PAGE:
NICE recommends selective internal radiation therapies for the treatment of hepatocellular carcinoma

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The National Institute for Health and Care Excellence (NICE) has issued guidance recommending the use of selective internal radiation therapy (SIRT) for the treatment of patients with hepatocellular carcinoma (HCC), the most common form of liver cancer, with more than 6,400 cases diagnosed annually through the National Health Service (NHS) in England, Wales, and Northern Ireland. 

The NICE website states: “After considering the feedback from consultation, the Appraisal Committee has prepared a Final Appraisal Determination (FAD) on Selective internal radiation therapies (SIRT) for treating hepatocellular carcinoma [ID1276] and submitted it to the Institute.”

This document includes recommendations for SIR-Spheres (Sirtex) and TheraSphere Y-90 glass microspheres (Boston Scientific).

Specifically, it reads:

“The SIRT SIR-Spheres is recommended as an option for treating unresectable advanced hepatocellular carcinoma (HCC) in adults, only if:

  • used for people with Child-Pugh grade A liver impairment when conventional transarterial therapies are inappropriate, and
  • the company provides SIR-Spheres according to the commercial arrangement.

“The SIRT TheraSphere is recommended as an option for treating unresectable advanced hepatocellular carcinoma (HCC) in adults, only if:

  • used for people with Child-Pugh grade A liver impairment when conventional transarterial therapies are inappropriate, and
  • the company provides TheraSphere according to the commercial arrangement.”

The SIRT QuiremSpheres (Terumo) is not recommended, within its CE marking, for treating unresectable advanced HCC in adults.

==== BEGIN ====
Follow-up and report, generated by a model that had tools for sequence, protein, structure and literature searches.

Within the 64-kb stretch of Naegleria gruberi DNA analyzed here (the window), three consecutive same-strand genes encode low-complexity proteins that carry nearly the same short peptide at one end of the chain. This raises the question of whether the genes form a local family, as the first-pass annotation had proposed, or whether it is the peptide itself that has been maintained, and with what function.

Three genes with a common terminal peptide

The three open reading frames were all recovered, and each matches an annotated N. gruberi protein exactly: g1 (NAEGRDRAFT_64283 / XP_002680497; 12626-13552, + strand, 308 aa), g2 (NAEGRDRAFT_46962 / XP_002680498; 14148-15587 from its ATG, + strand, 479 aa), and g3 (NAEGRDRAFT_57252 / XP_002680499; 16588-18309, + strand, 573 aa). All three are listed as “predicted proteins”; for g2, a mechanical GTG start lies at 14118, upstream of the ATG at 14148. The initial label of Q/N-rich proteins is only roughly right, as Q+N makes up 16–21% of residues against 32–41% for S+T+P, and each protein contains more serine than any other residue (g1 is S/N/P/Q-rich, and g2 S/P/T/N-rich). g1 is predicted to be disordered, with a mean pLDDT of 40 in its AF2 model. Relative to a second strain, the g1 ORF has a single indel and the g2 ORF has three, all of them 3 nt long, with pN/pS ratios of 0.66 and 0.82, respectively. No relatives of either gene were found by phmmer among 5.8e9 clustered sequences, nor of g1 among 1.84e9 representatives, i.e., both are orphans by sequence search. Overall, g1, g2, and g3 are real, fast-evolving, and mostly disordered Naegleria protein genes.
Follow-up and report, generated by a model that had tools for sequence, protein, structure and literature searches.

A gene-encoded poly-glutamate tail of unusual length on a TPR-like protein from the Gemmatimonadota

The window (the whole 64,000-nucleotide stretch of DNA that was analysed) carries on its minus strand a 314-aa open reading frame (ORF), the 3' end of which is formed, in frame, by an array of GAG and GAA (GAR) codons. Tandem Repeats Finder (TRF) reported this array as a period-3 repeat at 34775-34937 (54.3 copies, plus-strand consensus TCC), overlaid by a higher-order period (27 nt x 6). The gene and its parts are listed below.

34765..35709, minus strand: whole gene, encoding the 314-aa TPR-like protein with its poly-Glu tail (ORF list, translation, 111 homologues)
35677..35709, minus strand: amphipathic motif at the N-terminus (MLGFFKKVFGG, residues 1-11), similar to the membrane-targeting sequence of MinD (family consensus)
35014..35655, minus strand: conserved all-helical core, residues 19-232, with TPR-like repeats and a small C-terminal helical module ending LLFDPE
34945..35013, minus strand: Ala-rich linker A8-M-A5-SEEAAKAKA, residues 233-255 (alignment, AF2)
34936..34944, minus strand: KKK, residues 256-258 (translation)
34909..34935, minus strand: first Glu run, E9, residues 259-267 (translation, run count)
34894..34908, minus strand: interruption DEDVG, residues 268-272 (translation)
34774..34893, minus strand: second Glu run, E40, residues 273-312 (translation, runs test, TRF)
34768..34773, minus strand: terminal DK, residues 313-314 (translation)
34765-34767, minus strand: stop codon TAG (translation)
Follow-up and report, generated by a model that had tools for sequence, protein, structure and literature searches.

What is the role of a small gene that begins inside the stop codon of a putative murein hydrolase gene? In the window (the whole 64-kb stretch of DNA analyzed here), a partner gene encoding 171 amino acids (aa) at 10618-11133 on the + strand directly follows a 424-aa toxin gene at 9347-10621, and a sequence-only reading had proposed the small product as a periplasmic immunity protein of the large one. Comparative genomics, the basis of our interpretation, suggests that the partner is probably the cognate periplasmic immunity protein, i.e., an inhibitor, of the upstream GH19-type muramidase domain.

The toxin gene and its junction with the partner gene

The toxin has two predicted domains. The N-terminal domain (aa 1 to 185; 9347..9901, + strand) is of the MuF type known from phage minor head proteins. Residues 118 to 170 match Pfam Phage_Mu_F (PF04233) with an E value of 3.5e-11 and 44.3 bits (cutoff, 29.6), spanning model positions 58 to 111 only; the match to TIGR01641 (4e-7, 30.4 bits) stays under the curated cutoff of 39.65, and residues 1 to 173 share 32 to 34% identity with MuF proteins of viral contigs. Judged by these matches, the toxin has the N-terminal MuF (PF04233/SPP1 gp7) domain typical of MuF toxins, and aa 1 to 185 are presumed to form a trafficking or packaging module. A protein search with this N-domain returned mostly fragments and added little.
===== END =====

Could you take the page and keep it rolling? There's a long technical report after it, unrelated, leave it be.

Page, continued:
SIRT can be used performed an outpatient procedure and typically does not require lengthy hospitalisation, with the potential to alleviate pressure on the NHS. Recent statistics from University College London suggest there could be an additional 18,000 cancer deaths in England due to the COVID-19 pandemic, which Boston Scientific and Sirtex say further highlights the importance for physicians and patients having access to new options.

At the virtual 2020 meeting of the Cardiovascular and Interventional Radiological Society of Europe (12–15 September, online), positive results from the largest European-wide observational study on the treatment of primary and metastatic liver tumours with SIR-Spheres microspheres were presented, demonstrating the product’s safety and showing good overall survival from its 1,027-patient cohort for the first time.

“It is excellent news that NICE has recommended SIRT for the treatment of HCC,” comments Paul Ross, consultant medical oncologist at Guy’s & St. Thomas’ NHS Foundation Trust and clinical lead for HCC at King’s College Hospital (both London, UK). “The expanded options will advance the quality of life for patients and provide meaningful alternatives to existing treatments.”

“The British Liver Trust is delighted that NICE has now approved the use of SIRT as an option for treating unresectable advanced HCC in adults,” says Pamela Healy OBE, chief executive of the British Liver Trust. “HCC is the most common form of liver cancer. It is particularly aggressive and a diagnosis is devastating for patients, carers and their families. Treatment options for patients with advanced liver cancer have been very limited and this decision will make this innovative treatment more easily available and improve options for patients. Evidence shows that outcomes for people with advanced liver cancer are particularly poor so this is a very important step.”

As stated in a Boston Scientific press release, the outcomes of more than 100 clinical studies demonstrate the effectiveness of TheraSphere in improving tumour response across all stages of liver cancer, and in extending and improving the quality of life for patients globally. TheraSphere is a medical device consisting of radioactive yttrium-90 (Y-90) glass microspheres, which are delivered directly to liver tumours via a catheter, resulting in an increased tumour response while preserving surrounding healthy tissue.

Globally, more than 70,000 patients have been treated with TheraSphere, which has been approved for use as an HCC treatment option in 16 other countries. TheraSphere is also indicated for the treatment of metastatic colorectal cancer (mCRC) in patients who have failed second line treatment in the UK . The company plans to further investigate TheraSphere as a treatment for different cancer segments, including prostate and brain cancers.


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